Making my way down to the island of Shikoku, I change trains in Okayama, leaving the hyperfast shinkansen for a local Limited Express. Soon, we’re crossing a long bridge over the bay that separates Shikoku from the main island of Honshu.
The day already considerably dug in the afternoon after the time I spend having brunch at my favorite sushiya in Osaka, close to Yoko’s place. The water glitters with the setting sun. Islands of various sizes, all covered in dense woods, scattered over the sea. In the distance, they are reduced to monochromatic shapes, like a minimalist ink painting. Boat silhouettes also dot the horizon, far away in the haze.
Later, the sun slowly sets as I ride through the Shikoku countryside, amidst rice paddies and villages, until the train finds the coast again and follows it. Harbor cranes and industrial factories become mere shadows against the daylight weakening above the sea.
It is dark when I finally meet Cara in Matsuyama.
Over the next two days, I get a taste of the local specialties: we have a delicious cold udon, mine topped with nori and omelet stripes, various tempura and the usual salty sauce (tare); we attend the local matsuri (festival), “very calm” as an old man explains to us with a strong local accent; and finally, we relax in a nice onsen.
I also escape alone for a visit of the city of Matsuyama. First the castle, all wood and stone, beautifully intricate and planted on a hill in the middle of the city, from which you can oversee all the surroundings. Then the famous Dogo onsen, a magnificent old wooden bath house hosting two pools, simple but authentic, in marble stone, wood and painted ceramic tiles. Unlike in Kyushu, the water is clear here, not sulfured. Many locals, young and old, come to clean, relax or chat, naked and at ease. Outside, a couple quietly parades in marvelous kimono.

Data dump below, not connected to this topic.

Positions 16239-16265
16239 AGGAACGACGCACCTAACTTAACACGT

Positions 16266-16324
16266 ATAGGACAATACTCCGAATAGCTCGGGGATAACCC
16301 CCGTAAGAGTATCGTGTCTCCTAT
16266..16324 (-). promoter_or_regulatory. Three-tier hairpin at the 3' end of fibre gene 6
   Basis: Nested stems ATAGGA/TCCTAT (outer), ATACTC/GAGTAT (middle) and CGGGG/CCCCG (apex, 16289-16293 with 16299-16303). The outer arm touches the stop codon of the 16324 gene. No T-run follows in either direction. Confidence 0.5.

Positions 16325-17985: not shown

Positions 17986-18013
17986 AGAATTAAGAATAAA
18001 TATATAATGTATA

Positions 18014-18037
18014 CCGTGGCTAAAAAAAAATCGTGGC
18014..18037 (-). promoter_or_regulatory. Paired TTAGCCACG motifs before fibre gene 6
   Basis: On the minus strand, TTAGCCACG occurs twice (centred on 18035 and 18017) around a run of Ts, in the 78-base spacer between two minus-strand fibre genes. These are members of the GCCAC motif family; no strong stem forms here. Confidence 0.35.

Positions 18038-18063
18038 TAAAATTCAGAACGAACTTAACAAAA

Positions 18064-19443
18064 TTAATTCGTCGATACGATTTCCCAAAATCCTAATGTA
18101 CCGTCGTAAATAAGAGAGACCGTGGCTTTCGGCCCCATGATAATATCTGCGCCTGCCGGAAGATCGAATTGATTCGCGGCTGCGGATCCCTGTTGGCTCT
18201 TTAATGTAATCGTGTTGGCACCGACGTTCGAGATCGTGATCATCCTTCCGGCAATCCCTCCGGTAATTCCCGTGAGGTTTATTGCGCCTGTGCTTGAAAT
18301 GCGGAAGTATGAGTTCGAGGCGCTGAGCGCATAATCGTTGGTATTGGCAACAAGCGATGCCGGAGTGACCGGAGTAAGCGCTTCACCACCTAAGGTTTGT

After which I give in to trying the local food specialties: some fresh senbei (shichimi flavor), delicious and crunchy, and baked mochi on a stick (nure okaki) served with free green tea. The day is warm and I refresh myself with juices from the local citrus fruits: mikan, which isn’t far from mandarin, only greener, and iyokan, somewhere between the acidity of lemon and the softness/thickness of mango. For dessert, a slice of taruto (tart), a roulade-like cake with red bean-mikan paste, and the tricolor botchan dango, three sweet balls on a stick (green tea, plain, red bean flavors).
Quite the “full Matsuyama experience”.
And indeed, while traveling in Japan, it becomes obvious how each region has established a well-known set of specialties. Not just a prominent monument and plastic statues of it, but a symbolic micro-culture that is strongly emphasized and, yes, sometimes exaggerated through the goodies (puppets, keitai straps, socks, etc) and souvenirs you can buy throughout the city.
Which, of course, is highly convenient: when an area is so iconized in the Japanese subconscious, it becomes easy to refer to it and bring back the official specialties everyone knows about. The Japanese love to bring home gifts (omiyage) from their small trips.
While the proliferation of related goods is clearly the product of Japan’s intense consumerism, I think the cultural institutionalization of local specialties reflects both the extreme pride the Japanese feel about the specific role they have been attributed and excel at, and their humility towards everything they admire others for.
There is a genuine, almost childish excitement about exotic symbols, with a conscious blur between reality and fantasy: the tasty ramen in Fukuoka, the heavenly onsen in Beppu, the funny comedians in Osaka, the romantic cherry blossoms around the Himeji castle, the impossible coolness of Tokyo or, elsewhere but just as strong, the pastoral myth of Heidi in the Swiss Alps.